As illustrated by the examples above, spear phishing is a more focused attack method than generic phishing. Generic phishing is purely a numbers game: The more people who receive an email, the more likely it is one of them will click on the infected link. With generic phishing, many of today's filtering technologies will block suspicious-looking inbound email and phishing sites, mainly because they’ve been seen so frequently.
Read the rest of Searchsecurity.com article here.

Thursday, April 18, 2013

Microsoft Security Intelligence Report (SIRv 14)

Yesterday, Microsoft released volume 14 of its Security Intelligence Report (SIRv14) which includes new threat intelligence from over a billion systems worldwide. One of the most interesting threat trends to surface in the enterprise environment was the decline in network worms and rise of web-based attacks.  The report found:
 
·         The proportion of Conficker and Autorun threats reported by enterprise computers each decreased by 37% from 2011 to 2H12.
 
·         In the second half of 2012, 7 out of the top 10 threats affecting enterprises were associated with malicious or compromised websites.

·         Enterprises were more likely to encounter the iFrame redirection technique than any other malware family tracked in 4Q12.

·         One specific iFrame redirection family called IframeRef, increased fivefold in the fourth quarter of 2012 to become the number one malicious technique encountered by enterprises worldwide.   

·         IframeRef was detected nearly 3.3 million times in the fourth quarter of 2012.

The report also takes a close look at the dangers of not using up-to-date antivirus software in an article titled “Measuring the Benefits of Real-time Security Software.” New research showed that, on average, computers without AV protection were five and a half times more likely to be infected. The study also found that 2.5 out of 10, or an estimated 270 million computers worldwide were not protected by up-to-date antivirus software. With the report’s release they are reminding customers of the importance antivirus software can provide in protecting systems. For more information, check out this blog post.

Of course these are just some of the more interesting threat trends I thought might be of interest. The full Security Intelligence Report, volume 14, is available for free and can be downloaded here.

Sunday, April 14, 2013

Looking for experts in "Cyber Law"!!

Over the next couple months I'm going to tackle a project I've been thinking about for a few years. This is most likely going to formulate itself into a small book, but I wanted to hear the opinions from a few of you that read my humble little blog.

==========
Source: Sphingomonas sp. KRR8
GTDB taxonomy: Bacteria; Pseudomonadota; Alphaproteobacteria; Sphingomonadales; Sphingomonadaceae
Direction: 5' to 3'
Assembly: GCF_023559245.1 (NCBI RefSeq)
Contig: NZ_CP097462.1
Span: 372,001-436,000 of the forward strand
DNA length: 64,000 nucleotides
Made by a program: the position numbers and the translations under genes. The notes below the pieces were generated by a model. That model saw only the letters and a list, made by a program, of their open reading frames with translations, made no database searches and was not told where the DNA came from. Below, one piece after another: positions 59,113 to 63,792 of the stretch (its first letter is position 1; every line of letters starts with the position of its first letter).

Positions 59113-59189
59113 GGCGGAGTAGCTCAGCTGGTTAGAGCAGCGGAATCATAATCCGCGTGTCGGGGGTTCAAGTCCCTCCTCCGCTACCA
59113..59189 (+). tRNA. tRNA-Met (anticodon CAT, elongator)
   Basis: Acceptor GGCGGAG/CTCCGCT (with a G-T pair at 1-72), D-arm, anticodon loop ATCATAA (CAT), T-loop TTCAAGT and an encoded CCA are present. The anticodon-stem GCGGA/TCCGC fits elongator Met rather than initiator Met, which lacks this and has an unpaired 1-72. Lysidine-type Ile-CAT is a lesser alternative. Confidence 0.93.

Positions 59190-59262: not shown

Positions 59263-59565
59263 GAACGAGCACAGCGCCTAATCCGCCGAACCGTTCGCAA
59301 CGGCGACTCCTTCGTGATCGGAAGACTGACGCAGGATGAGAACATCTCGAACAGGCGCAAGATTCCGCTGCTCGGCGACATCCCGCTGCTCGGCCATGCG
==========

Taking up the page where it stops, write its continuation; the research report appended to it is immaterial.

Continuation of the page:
One of the questions I've been mulling over is about "Cyber Law". The laws governing today's technology are antiquated and I feel these laws need to be updated so that people aren't unfairly prosecuted by yesterdays laws. When the changes to technology move at the speed of light, but the laws governing them are from 20 years ago we have a massive problem.

If you have any experience in law, cyber law to be exact, I would love to hear your opinions.

Monday, April 8, 2013

Why CyberBunker Was Blacklisted By Spamhaus


Why CyberBunker Was Blacklisted By Spamhaus

Last Wednesday we witnessed the real power of cyber-attacks when the anti-spam organization Spamhaus was hit by a number of large-scale distributed denial of service (DDoS) attacks, which not only brought down their own website temporarily, but also caused a widespread disruption across the Internet. The DDoS attacks flooded targeted websites with extraordinary amounts of dummy traffic, making them unreachable by Internet users genuinely trying to access them, and slowing down Internet speeds worldwide.

Spamhaus was allegedly targeted by the Dutch web hosting company CyberBunker, who are rumoured to host spam, phishing sites, and malware. Spamhaus blacklisted CyberBunker from sending out these emails, bringing on the attack.

But what is phishing, and how does it facilitate data breaches?

“Phishing” is an email fraud attempt that targets both individuals and organizations, seeking unauthorized access to confidential data. Phishing emails appear to come from a trusted source and contain links or attachments which, when opened, give the hacker instant access to the recipient’s computer and/or internal network. The email usually contains key information, like sender contact information, or bank details, to make them appear legitimate.

There are also phishing websites, which CyberBunker was rumoured to have hosted. The hacker provides a fake URL to the victim, which redirects them to a phishing website that solicits private data. This website is often engineered with a look-alike URL (e.g., replace "I" with "l"). Alternatively, the phishers can use browsers to display the real URL but phish content (e.g., xss iframe phishing), making the phishing scams virtually undetectable by the average user. This is the type of activity that Cyberbunker allegedly hosted on their servers, which led to their blacklisting by Spamhaus.

The Global Impact of Phishing